Collector Car Insurance Ontario

Collector car insurance operates similarly to vintage car insurance.

  • Your collector vehicle has restricted usage in terms of how much you can drive it.
  • Your collector vehicle will be properly stored away or kept indoors during the winter.
  • Your vehicle must be at least 20 or 30 years old to be considered a classic collectors car.

Insurance for collector vehicles considers the possible appreciation value of the car as well as the replacement value. Similar to the vintage car insurance process, you must also get an Agreed Value of Automobile with the appraised value of the vehicle recorded.

Commonly Asked Questions About Car Insurance

One of the most common questions is what types of insurance coverage are mandatory and what types of coverage are optional.

We already discussed that every car registered in Ontario must have third-party liability coverage, accident benefits, uninsured motorists coverage, and direct compensation coverage.

The optional coverages that you can add to your insurance policy include:

  • Collision – damage to your vehicle where you are at fault or are caused by an unidentified object.
  • Comprehensive – pays for all insured damage to your vehicle except for collision damage.
  • All Perils – combines collision and comprehensive coverage.
  • Specified Perils – pays only for losses caused by perils listed in the policy.

If I make a claim, how is my insurance premium affected?

It depends on who is at fault and the situation. If you were at fault for the collision in any way or someone you lent your car to caused an accident, your insurance premium can be affected. Some companies allow one at fault claim for drivers with a good record, but your insurance will increase if you have many accidents.

Your insurance rates will not increase if you were 100% not at fault for the accident.

How do deductibles work?

A deductible is a part of a claim that you have to pay yourself. Deductibles are determined by who is at fault (which is determined by the Fault Determination Rules) and the insurance coverage you have. For accidents where you are not at fault, there is usually no deductible.

What Factors Affect the Cost of Car Insurance in Ontario?

Here are common factors that influence your insurance premiums:

  • The purpose of your vehicle and annual mileage.
  • The type of vehicle driven, including the make, year, model, and body type.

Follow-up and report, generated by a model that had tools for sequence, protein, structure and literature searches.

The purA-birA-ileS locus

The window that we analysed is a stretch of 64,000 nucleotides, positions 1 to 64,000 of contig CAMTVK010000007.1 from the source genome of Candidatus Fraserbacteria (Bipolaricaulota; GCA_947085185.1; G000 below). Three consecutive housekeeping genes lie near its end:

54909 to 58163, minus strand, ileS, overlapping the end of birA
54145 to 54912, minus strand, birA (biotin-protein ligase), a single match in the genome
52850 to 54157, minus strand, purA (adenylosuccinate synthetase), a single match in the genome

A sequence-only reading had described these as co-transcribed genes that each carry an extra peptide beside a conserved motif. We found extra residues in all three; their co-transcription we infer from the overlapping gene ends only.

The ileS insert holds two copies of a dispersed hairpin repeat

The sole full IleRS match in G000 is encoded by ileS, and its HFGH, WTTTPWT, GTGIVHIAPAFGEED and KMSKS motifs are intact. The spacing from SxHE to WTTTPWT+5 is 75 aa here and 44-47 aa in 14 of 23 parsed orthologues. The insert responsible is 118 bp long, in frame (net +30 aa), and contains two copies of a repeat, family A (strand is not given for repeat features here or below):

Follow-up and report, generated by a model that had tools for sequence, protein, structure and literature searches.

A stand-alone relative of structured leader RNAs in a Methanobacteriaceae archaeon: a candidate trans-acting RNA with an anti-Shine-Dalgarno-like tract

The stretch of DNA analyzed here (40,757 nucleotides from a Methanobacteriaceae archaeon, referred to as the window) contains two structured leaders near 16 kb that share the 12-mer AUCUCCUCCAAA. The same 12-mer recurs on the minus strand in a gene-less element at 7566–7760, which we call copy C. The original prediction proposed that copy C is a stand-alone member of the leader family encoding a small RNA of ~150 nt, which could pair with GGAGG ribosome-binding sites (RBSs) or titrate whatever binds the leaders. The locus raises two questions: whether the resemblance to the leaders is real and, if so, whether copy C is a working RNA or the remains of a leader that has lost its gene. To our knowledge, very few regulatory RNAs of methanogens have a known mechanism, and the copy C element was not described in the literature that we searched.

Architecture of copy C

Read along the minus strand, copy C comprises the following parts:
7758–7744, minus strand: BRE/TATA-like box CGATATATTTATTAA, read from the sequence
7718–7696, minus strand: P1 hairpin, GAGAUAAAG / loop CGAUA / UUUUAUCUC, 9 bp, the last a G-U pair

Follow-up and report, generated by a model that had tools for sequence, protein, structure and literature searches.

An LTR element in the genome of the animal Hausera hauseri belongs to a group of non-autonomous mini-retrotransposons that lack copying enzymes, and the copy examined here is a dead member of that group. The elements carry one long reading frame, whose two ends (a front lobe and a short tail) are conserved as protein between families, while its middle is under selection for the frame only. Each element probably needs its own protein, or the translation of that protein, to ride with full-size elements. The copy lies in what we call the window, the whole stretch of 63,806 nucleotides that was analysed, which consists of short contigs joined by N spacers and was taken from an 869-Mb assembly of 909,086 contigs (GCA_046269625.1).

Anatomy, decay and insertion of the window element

• Whether you qualify for a discount or special insurance plan.
  • Driving history and years of driving experience.
  • Your location, gender, and age.
  • Credit score.
  • Insurance history and coverage level.
  • How many drivers are listed on the vehicle, and how much each driver will use.
  • Conviction records.

What is the Minimum Coverage for Auto Insurance in Ontario?

Under FSCO rules, all Ontario drivers must have, at the very least:

  • A minimum third-party liability coverage of $200,000.
  • Accident benefits coverage for additional medical expenses from collision injuries that are beyond your provincial health insurance coverage.
  • Direct compensation coverage for when your car is damaged by another driver.
  • Uninsured motorist coverage which pays for medical expenses from collision injuries sustained from another driver that does not have insurance.

How Can I Lower My Car Insurance Premiums in Ontario?

There are several ways to lower your car insurance:

  • Pay only for the coverage you need.
  • Ask about insurance discounts like retiree discounts, winter tire discounts, student discounts, and more.
  • Pay your premium on time.
  • Drive safely.
  • Consider an insurance plan with higher deductibles.

As insurance brokers, we want our clients to be informed throughout the entire car insurance process. Contact one of our insurance experts to find the best policy for you.

 

Temporary Car Insurance Ontario

Like car ownership, most people think of car insurance as a costly long-term investment. In Ontario, all registered vehicles must have insurance coverage that covers:  Third-party liability of at least $200,000. Accident benefits for medical costs that exceed your provincial health coverage. Direct...